As runners, we often focus our strengthening programs on our core and upper legs as they propel us to achieve the times and distances we are chasing. In many ways that are understandable, they are big muscle groups, the training can be fun, and improvements are visible and therefore rewarding.
However, there is one body part that we use more than any other when we are running, and yet we pay virtually no attention to except popping on the odd plaster – our feet and ankles. In fact, more often than not, the only time we pay any attention to that part of our body is when we are injured and feel that they have let us down.
Here’s the thing, our feet will carry us miles and our ankles will propel us on but only if we show them a little bit of love upfront.
In the rest of this article, we’ll explore why ankle strength is so important for runners.
Why Ankle Strength Matters
When you are running, you are always receiving and reacting to feedback. That means when you put your foot down and you sense that there is a pebble or a slant on the path or you didn’t notice a small step sensors in your foot send a message back to your brain to adjust your footstep and prevent injury.
These sensors are called proprioceptors, and they are present in your tendons, ligaments, and muscles. Proprioceptors are designed to tell your brain what position your body and limbs are in, and they do it all subconsciously. If you’ve ever nearly sprained your ankle, you will remember a feeling that you had ‘gone over’ on your ankle and then it corrected. This was able to happen because the proprioceptors in your ankle told your brain that the joint had gone too far, was no longer safe and that it should bring your ankle back to a more secure position. Your brain, in turn, tells the correct muscles to adjust. The muscles tighten and return your ankle to a safe position.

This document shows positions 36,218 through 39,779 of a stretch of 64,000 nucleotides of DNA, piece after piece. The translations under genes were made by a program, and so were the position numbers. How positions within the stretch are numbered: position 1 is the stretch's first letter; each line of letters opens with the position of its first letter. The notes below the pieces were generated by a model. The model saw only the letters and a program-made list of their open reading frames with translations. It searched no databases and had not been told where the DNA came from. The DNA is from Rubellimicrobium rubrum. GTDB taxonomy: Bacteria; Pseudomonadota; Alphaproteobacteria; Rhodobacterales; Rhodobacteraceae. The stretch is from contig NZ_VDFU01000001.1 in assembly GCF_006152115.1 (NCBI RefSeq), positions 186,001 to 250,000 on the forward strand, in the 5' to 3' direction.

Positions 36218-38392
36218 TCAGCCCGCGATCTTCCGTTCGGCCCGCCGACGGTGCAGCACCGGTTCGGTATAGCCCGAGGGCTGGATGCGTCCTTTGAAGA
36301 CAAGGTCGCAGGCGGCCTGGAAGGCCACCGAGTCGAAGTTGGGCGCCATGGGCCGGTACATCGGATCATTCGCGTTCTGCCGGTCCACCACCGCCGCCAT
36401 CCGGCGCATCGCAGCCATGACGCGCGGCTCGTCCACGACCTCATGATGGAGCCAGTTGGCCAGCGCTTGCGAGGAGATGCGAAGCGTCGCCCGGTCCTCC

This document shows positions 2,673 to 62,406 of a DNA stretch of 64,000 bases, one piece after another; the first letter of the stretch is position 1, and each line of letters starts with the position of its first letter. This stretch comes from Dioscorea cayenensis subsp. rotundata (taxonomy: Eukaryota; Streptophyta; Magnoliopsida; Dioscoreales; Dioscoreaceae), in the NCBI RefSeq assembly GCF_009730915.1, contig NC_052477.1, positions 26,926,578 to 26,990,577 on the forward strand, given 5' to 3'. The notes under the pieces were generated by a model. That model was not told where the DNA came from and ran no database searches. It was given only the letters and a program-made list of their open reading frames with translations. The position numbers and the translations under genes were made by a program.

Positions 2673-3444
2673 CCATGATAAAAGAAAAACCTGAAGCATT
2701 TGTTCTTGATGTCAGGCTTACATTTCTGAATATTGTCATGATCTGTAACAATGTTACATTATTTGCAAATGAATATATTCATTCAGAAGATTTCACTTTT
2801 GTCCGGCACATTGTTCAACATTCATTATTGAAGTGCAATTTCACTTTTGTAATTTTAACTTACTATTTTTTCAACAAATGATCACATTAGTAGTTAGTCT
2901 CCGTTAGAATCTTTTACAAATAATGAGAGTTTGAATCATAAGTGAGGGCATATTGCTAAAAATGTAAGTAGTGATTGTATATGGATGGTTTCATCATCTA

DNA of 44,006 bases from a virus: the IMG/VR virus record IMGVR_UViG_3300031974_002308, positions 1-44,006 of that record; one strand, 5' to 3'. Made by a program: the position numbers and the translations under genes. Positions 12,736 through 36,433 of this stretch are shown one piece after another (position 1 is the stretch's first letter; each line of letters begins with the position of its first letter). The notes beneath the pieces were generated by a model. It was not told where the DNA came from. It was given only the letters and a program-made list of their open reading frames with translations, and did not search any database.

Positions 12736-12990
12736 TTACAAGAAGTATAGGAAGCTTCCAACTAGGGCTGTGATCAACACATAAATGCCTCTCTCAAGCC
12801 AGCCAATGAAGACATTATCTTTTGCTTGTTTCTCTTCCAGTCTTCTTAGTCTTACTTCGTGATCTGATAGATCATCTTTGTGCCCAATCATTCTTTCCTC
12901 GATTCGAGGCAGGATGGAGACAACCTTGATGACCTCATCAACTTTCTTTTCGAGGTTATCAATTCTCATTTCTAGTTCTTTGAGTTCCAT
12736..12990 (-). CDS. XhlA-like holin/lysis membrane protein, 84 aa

When you are fatigued either because it was the end of a run or the start of a new training program two things happen:
1) The messages sent by the proprioceptors travel a little bit slower giving your body less time to react and;
2) Your muscles are tired and find it a little bit harder to react and pull you back into a good position.
If your body isn’t able to send those messages in time or your muscles aren’t strong enough to pull you back into a good position you are at risk of damaging tendons and ligaments.
If you have sprained your ankle once, you are even more prone to repeating the injury. The sensors are not quite as sensitive as they used to be and don’t respond to stimuli in the same way. Running in the winter adds the extra challenge as slippery surfaces and paths covered in leaves cause even greater opportunity for injury.
How to Test Your Ankle Strength
To test how your proprioceptors are reacting and giving you feedback try this exercise: In front of a safe object like a surface or wash basin stand up, take one foot off the ground and close your eyes. If you immediately wobble and need to grab the surface or drop your foot to the floor to get your balance then your proprioceptors are not firing as well as would like and likely your muscles are not holding your position as we would hope.
Having healthy and strong ankle muscles are vital as they are the first responders to the signals. If your muscles aren’t strong enough, it doesn’t matter which signals you receive your body won’t be able to react and stop you from getting injured. While your balance and proprioception can be trained and improved, your strength can also be improved.
If you consider that every time you step when running you are doing a single leg calf raise, you are asking your muscles to do a whole lot of work, and without correct preparation and training it is no surprise that they sometimes struggle and injuries occur.
How to Strengthen your Ankles
Exercises don’t have to take a long time, a few minutes can go a long way but has the potential to transform your training and workouts exponentially.
Here a couple to start you off:
1) Calf Raises:
2) Balance board:
3.) Squat Jumps: